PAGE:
So, just how do people go about monitoring miRNA activity? A common way of detecting a miRNA is to use quantitative PCR (qPCR), for which there is no shortage of protocols, off-the-shelf assays and kits. qPCR is quite sensitive – you can spot up to a couple of hundred miRNAs from a single cell. But there is a down-side: it can be quite error-prone, with false positives being a particular hazard. There are, of course, ways to get around these issues but the fact remains that the trade-off between high sensitivity and accuracy will always be a challenge, when you are trying to detect rare transcripts using this technique.

Another popular way to monitor ­miRNAs in a sample is to use in situ hybridisation but the shortness of miRNAs makes optimising detection quite tricky. Similarly, you can use micro-arrays that rely on hybridisation between the target and a number of nucleic acids, and again you can take your pick from a lot of off-the-shelf miRNA micro-arrays.

Micro-arrays, of course, work on the principle of getting the target miRNA to hybridise to a probe. But there are other techniques that use a similar principle coupling it with exponential amplification to increase the sensitivity. This was an approach taken recently by Xiabo Zhang et al., at the Shaanxi Normal University in Xi'an, China (Chem. Sci., 2015,6, 6213-18). Here, you start with a probe with a double design: it is targeted rationally towards specific miRNAs but is also designed to make it amenable to isothermal exponential amplification (IEA). This probe is stuck onto a streptavidin micro-bead, where it hybridises to the target miRNA. The probe also contains a nicking site and the idea is that once the target miRNA hybridises, it starts extending but gets nicked at this nicking site, releasing the newly synthesised single-stranded DNA. This DNA, in turn, hybridises with another bead-bound probe, causing further extension. Thus, exponential amplification follows and by doing the whole thing using biotinylated dNTPs, you can label the beads with a fluorescent marker.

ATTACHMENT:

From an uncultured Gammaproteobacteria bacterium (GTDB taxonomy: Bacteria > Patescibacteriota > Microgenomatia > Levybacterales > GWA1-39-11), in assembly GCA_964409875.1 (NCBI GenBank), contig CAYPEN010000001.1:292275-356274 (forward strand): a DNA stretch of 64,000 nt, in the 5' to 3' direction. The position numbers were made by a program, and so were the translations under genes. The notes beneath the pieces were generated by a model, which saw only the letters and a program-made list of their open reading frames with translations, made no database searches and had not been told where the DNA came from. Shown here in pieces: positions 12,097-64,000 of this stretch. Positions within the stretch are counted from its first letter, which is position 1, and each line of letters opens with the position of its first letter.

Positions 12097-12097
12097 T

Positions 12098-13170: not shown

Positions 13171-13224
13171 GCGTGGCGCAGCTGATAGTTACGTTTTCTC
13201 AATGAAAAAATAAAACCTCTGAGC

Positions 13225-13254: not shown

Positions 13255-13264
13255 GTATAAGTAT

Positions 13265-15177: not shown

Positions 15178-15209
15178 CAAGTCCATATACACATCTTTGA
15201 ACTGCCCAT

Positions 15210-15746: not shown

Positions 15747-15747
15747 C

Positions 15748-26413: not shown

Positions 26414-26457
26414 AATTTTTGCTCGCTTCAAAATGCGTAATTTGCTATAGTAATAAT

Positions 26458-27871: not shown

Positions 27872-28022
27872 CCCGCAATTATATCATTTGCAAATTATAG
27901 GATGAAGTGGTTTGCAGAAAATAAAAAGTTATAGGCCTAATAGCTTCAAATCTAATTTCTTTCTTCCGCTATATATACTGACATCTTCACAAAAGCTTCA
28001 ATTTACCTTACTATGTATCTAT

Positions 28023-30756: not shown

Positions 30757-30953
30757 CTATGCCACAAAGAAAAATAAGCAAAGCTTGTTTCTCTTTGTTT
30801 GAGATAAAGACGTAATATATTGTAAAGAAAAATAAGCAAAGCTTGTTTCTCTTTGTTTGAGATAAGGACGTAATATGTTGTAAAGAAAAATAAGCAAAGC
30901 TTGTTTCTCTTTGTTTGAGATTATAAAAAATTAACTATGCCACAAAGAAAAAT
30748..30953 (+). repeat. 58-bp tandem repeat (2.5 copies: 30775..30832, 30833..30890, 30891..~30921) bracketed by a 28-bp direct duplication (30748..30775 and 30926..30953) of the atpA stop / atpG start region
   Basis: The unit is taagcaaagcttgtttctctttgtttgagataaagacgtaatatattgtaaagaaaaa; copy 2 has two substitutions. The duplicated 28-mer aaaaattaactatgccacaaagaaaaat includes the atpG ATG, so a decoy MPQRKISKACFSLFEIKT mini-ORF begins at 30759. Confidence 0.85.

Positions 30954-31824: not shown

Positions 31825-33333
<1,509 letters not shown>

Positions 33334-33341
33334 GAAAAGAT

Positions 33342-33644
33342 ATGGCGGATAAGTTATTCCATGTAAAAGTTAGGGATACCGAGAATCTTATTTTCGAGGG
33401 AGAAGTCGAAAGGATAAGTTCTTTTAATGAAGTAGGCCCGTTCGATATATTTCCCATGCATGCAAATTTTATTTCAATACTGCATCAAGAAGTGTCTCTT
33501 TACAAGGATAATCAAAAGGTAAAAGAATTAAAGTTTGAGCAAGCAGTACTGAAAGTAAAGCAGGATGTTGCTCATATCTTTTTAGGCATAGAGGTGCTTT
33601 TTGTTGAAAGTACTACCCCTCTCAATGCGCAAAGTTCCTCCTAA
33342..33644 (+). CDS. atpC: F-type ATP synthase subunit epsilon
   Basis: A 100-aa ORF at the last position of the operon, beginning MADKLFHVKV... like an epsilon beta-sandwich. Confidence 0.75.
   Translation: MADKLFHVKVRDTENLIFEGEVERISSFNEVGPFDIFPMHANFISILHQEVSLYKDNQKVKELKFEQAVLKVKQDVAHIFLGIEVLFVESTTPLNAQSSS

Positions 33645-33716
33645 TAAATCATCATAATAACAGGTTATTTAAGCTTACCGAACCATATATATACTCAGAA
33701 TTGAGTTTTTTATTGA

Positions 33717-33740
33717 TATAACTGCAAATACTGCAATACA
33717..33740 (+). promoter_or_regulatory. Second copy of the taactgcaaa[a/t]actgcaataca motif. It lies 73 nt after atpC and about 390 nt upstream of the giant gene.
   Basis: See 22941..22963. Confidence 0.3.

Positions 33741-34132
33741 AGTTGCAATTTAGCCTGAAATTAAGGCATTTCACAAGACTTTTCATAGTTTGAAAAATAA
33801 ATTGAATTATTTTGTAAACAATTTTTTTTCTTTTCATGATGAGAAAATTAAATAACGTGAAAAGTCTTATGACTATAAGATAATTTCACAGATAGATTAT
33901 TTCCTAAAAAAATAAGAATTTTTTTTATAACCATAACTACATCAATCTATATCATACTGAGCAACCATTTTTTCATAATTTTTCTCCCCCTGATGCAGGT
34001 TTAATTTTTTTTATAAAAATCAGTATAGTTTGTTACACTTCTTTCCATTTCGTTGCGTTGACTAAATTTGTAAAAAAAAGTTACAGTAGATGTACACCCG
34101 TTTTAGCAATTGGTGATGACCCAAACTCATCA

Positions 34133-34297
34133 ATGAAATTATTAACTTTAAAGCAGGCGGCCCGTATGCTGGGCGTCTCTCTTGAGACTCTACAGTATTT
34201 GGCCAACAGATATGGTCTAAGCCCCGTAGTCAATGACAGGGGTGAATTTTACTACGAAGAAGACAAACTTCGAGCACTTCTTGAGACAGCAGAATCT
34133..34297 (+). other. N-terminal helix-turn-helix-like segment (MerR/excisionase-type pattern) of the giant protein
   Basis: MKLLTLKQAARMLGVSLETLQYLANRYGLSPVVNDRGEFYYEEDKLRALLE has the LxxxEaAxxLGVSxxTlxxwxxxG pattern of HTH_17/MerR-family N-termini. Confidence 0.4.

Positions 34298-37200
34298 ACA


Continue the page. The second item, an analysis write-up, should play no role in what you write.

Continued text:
How to find unknown ncRNA?

But these techniques all suffer from a major drawback: they assume you know the sequence of what you are looking for. Admittedly, if all you want to do is to monitor a known miRNA, you don't need to look any further. But if it is hard enough to detect a known miRNA, what about the task of finding new ones? This problem is particularly acute with miRNAs, because we still don't know all the details of how they are processed, leaving doubt as to what their final sequence will look like. That means, we can't yet confidently predict whether a stretch of genome drives the production of ncRNAs.

To get around this, Florent Hubé and Claire Francastel of the University Paris Diderot and the Centre Nationale de la Recherche Scientifique came up with a novel way of letting the genome do the hunting (Non-Coding RNA, 1, 127-38). "Pocket-sized RNA-Seq", as they call it, uses a genomic region of interest as a bait to find mature ­ncRNAs, which is then amplified up with PCR.

Here is how it works. The basic idea takes advantage of the fact that you can use RNA complementary to your genomic region of interest (the bit of genome you suspect makes some ncRNA) as a bait to catch the ncRNA. The RNA bait is immobilised using biotin/streptavidin beads, and once any target ncRNA has been hooked, you strip it off, ligate it to a couple of adaptors and amplify the lot with PCR.

Hubé and Francastel supply all the details you need to put this cunning plan into action. So how is it done? First off, we need to make the RNA bait. To do that, take a 60-90 long nucleotide sequence covering the bit of genome you think might be encoding an ncRNA. Alternatively, you can clone the bait in a vector under a T7 promoter, amplify it up with PCR or even synthesise it directly. Then transcribe off the RNA in vitro – Hubé and Francastel used the MessageMuter shRNA kit that deploys T7 polymerase. The authors advise that a shorter bait is better than a longer one, as a longer bait may contain structured domains that you'll have a job to denature. Instead, use a set of shorter, overlapping baits.